As might have been expected, the
meeting of congress was a signal for the presentation of petitions,
bills, and resolutions dealing with the question of anarchy. Almost
every suggestion ever made in the general discussion of the problem
may be found in this group of proposed measures, ranging from the
exclusion of avowed anarchists and such persons as advocate the
overthrow of all governments, to the making of attempts upon the
executive and those in the line of succession, treason, a measure
which needs a constitutional amendment.
The most ingenious suggestion, however
(though it is not original), is that of the venerable Senator Hoar
of Massachusetts, which would rid not only the United States, but
every nation in the civilized world, of anarchy and anarchists,
so far as they could be identified and brought to book. Senator
Hoar would establish an “Anarchy Island,” and make an international
agreement for the deportation thereto of all those duly convicted
of one or more of the offenses to be known as anarchism. His scheme
does not include the government of that island. The exiled anarchists
would be left alone, to do anything they willed, but their escape
would be prevented by rigid patrolling of the island.
It is clear that this is rather fantastic.
In the first place, the United States could not consistently act
as jailer for other governments, whose notion of anarchy might be
radically wrong and unjust, and which might exile to the island
men and women of merely liberal ideas. In the second place, the
administration of justice in other countries may be defective, and
the innocent might be convicted on flimsy or illegal evidence of
alleged anarchistic offenses. The United States could not assume
responsibility for the methods of despotic and arbitrary governments.
Whether an “anarchy island” will be
set aside for the American anarchists is also extremely doubtful.
The difficulties and obstacles in the way of a remedy at once effective,
expedient, and consonant with American principles of political organization
are not overlooked by the more conservative congressmen. Hence the
comprehensive resolution offered by Senator Vest of Missouri, instructing
the committee on the judiciary to inquire into the subject in all
its aspects, and report a constitutional method of dealing therewith.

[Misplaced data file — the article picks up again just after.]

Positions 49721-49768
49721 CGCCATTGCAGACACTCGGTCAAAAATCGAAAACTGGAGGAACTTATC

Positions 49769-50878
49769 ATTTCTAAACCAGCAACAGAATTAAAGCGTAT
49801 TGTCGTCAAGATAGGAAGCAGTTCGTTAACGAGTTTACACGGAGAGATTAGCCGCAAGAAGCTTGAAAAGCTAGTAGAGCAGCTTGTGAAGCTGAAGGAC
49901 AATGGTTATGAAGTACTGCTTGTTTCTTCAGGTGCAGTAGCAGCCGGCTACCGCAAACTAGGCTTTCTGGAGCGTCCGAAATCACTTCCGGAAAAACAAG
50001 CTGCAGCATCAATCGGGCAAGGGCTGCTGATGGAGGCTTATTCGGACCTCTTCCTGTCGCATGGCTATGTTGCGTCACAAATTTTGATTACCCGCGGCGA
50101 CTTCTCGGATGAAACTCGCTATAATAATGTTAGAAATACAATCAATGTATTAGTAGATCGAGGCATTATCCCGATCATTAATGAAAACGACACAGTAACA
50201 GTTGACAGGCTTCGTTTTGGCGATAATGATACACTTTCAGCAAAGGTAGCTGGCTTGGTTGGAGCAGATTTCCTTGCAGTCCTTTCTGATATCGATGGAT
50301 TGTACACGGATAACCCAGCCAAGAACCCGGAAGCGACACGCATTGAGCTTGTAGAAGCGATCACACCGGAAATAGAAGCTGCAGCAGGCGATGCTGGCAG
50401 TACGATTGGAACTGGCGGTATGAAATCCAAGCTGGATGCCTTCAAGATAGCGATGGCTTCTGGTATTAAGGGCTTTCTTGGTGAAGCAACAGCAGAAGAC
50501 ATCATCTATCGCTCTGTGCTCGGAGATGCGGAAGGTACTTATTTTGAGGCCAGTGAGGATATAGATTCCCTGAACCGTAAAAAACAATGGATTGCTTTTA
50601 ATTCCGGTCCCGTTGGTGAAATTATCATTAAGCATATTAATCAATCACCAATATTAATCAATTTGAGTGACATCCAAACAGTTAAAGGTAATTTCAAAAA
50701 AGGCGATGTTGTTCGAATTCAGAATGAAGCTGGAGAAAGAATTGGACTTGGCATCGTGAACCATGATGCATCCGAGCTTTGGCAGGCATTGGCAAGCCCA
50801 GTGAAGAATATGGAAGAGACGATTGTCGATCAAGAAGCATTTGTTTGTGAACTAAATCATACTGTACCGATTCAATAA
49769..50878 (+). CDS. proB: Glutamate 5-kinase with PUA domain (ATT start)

The resolution specifies the questions to be answered: The principal
ones are as follows:
Has congress the constitutional power to legislate 
for the punishment of anarchists who assassinate or attempt
to assassinate the president of the United States, and if not,
whether it is expedient to amend the federal constitution to
enable congress so to legislate. Whether it is necessary to
empower congress to prevent the teachings of anarchists that
all governments should be destroyed, and the chief rulers of
such governments assassinated. Whether it is necessary that
congress shall have power to punish persons belonging to anarchical
associations. Whether it is necessary to confer upon congress
the power to establish a penal colony where persons convicted
of anarchy shall be confined during life.
While the senate has thus provided
for a preliminary inquiry, the house has followed a different method.
All the anti-anarchy measures were referred to the committee on
the judiciary, and a bill was prepared by that body comprising the
leading ideas of the various proposals. It is very drastic. A fatal
assault upon the president or any one in the line of the presidential
succession is to be punishable with death. If the assault is not
fatal, the penalty is to be imprisonment for from ten to fifty years.
Aiding or abetting such assault is also to be punishable with death
in case of fatal results, and any advocacy or propaganda of such
assaults shall be deemed equal to direct aiding or abetting. An
alien who shall advocate anarchy shall be summarily apprehended,
and upon conviction imprisoned for from one to five years and then
deported. Advocacy of force in overthrowing the government shall
be punishable by imprisonment for from one to five years. No anarchist
shall be admitted to citizenship, and no anarchist shall be permitted
to enter the United States.
This bill will be carefully considered
and perhaps modified in important particulars.